This is when conversations about a program called the Green Scholars Initiative (GSI) began. Dr. Jerry Pattengale developed and eventually executed this new research program. Its central idea remains in place: assigning various collection pieces to scholars (all with terminal degrees) and their students for high-level research. A team of over twenty senior and distinguished scholars came to this initiative, and provided assistance in their areas of expertise. These scholars also were the core lecturers among more than 100 videotaped presentations in various cities, with some at the Vatican, Israeli museums, Oxford and Cambridge universities, and in Cuba.

Establishing GSI has been an amazing and fast-paced journey, with the program starting only five years ago with just an idea and a few scholars. Today GSI is a robust network of over 60 scholars and dozens of projects. We have also successfully completed four summer institute conferences, and are looking to expand the program next summer. Publications are in process, students are being mentored, and GSI scholarship opportunities are being highlighted on many participating university campuses. We’ve also made some major discoveries, including the earliest Jewish proto-prayer book and some of the earliest astronomical sketches and texts, and a few of the earliest attestations to biblical passages and classical texts. The GSI program provides a substantial foundation for many of the things we do at Museum of the Bible. For this reason, we will have a research hub in the new DC facility called the Green Scholars Institute.

Of the many projects we have going on in GSI, my favorite is the work on the Codex Climaci Rescriptus (CCR). This is not only a fascinating piece, but I got to be involved (in a small way!) with part of the project early on. CCR is a palimpsest, and I got to take part in imaging the manuscript with multispectral imaging (MSI) a few years ago before the research got underway. In studying this manuscript, one of the incredible discoveries so far has been the identification of some early astronomical drawings. With greater access to the underlying layers of text through MSI, scholars found 1,500-year-old drawings of constellations on this manuscript. Ongoing research is being done on the CCR text at Tyndale House, Cambridge.

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The Bible touches millions of people in different ways, and the vast majority of people are not Bible scholars. Against this backdrop, someone might ask, “Why does research matter?” or “Why should Museum of the Bible make scholarship one of its top priorities?” If you don’t consider yourself a scholar, or haven’t spent much or any of your life and money working toward a master’s degree or PhD, you may question why research is such an important part of Museum of the Bible. In an effort to connect the thoughts of the scholars to the public, I conducted an office survey.

I daily rub shoulders with a host of scholars from a wide variety of fields among the staff at our home base in OKC, which has grown to nearly seventy. In addition, we regularly host research teams and visiting scholars. With such access to these brilliant minds, I figured I would informally inquire about their views on biblical research and scholarship. With the help of  our Director of the Green Collection, Dr. David Trobisch, and his efficient summary of the points I found in my survey, here are the common responses.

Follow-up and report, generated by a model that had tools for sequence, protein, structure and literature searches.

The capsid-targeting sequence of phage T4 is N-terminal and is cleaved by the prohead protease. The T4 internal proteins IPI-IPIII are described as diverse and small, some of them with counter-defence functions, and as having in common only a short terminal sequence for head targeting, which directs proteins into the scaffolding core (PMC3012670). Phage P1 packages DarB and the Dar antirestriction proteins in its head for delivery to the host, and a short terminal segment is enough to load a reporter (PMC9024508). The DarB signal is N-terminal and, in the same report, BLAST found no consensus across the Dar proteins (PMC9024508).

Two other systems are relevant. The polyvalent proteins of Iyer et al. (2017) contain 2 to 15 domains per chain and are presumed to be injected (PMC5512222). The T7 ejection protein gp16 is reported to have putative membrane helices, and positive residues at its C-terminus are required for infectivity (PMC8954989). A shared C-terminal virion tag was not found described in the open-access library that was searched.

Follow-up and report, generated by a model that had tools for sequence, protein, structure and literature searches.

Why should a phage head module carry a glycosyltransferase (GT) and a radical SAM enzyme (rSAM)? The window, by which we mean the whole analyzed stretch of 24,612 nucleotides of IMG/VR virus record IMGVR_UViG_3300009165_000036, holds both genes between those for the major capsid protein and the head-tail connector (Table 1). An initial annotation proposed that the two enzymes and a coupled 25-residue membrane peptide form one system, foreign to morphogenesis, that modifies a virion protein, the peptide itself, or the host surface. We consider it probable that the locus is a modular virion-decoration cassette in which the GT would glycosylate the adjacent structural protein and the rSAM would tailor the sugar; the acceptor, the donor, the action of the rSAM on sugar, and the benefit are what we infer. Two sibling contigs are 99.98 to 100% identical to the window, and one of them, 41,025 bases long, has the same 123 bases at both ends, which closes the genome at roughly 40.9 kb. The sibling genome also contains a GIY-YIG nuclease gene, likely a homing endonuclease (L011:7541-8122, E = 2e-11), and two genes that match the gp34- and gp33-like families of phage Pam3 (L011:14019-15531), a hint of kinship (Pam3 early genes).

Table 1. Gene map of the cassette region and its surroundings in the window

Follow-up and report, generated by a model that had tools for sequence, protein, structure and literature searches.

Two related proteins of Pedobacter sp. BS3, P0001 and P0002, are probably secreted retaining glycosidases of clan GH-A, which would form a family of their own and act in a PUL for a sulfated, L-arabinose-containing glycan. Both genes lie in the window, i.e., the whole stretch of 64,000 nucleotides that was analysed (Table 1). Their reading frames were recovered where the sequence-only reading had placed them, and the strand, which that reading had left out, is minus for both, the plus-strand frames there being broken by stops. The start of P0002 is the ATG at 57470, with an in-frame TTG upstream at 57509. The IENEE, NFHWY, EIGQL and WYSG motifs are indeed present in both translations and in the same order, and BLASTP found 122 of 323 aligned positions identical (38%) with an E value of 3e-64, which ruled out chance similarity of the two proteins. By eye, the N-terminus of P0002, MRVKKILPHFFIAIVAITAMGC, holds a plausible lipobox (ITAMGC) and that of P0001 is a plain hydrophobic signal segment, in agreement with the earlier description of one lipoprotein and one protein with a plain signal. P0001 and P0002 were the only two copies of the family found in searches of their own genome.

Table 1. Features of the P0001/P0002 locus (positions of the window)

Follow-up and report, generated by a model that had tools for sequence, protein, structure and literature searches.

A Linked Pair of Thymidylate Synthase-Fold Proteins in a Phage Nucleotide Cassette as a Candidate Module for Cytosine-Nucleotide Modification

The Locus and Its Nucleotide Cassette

Three things: Scholars are blind, scholars learn through comparison, and scholars create consensus by communicating with each other.

 

  1. Scholars are blind. We cannot experience past events directly, we have to do so indirectly. Even when we examine evidence, we cannot always see the significance. For example, we don’t understand ancient calendars and ancient currency the way we understand our own. We are like blind men and women stumbling through a forest.
  2. Scholars learn by comparing the unknown with the known. Because we cannot find answers to our questions by looking directly at our object of interest, we compare the new evidence with evidence that we have already placed in a context. We understand by relating the unknown to the known. The better we paint the overall picture, the easier it is for us to understand a new piece of evidence.
  3. Scholars create consensus by communicating with each other. We strive for objectivity by verifying and accepting the experiences of our colleagues as if they are our own. If an experience is not shared, it is irrelevant to the scholarly discourse. This is why publishing is such an essential part of scholarship and science. The German language does not differentiate between scholarship and science: both are called Wissenschaft. The word references a methodological approach to observations and theory: ein Vorgang, der Wissen schafft.

Perhaps there’s nothing earth-shattering here, but this little exercise proved affirming. For these reasons, and more, I am excited about the Green Scholars Initiative. It is important, the program has grown quickly, and it is continuing to develop and grow with Dr. Michael Holmes‘ current leadership.

To keep up with the Green Scholars Initiative, check into our Museum of the Bible newsroom for updated press releases like this exciting announcement: Green Scholars Initiative Honors Young Biblical Scholars. You can also find free lectures on our Museum of the Bible You Tube Channel.

-LM

Life, Museum of the Bible, Travel

Top 3 Things Every Traveler Should Do Before A Trip

September 28, 2015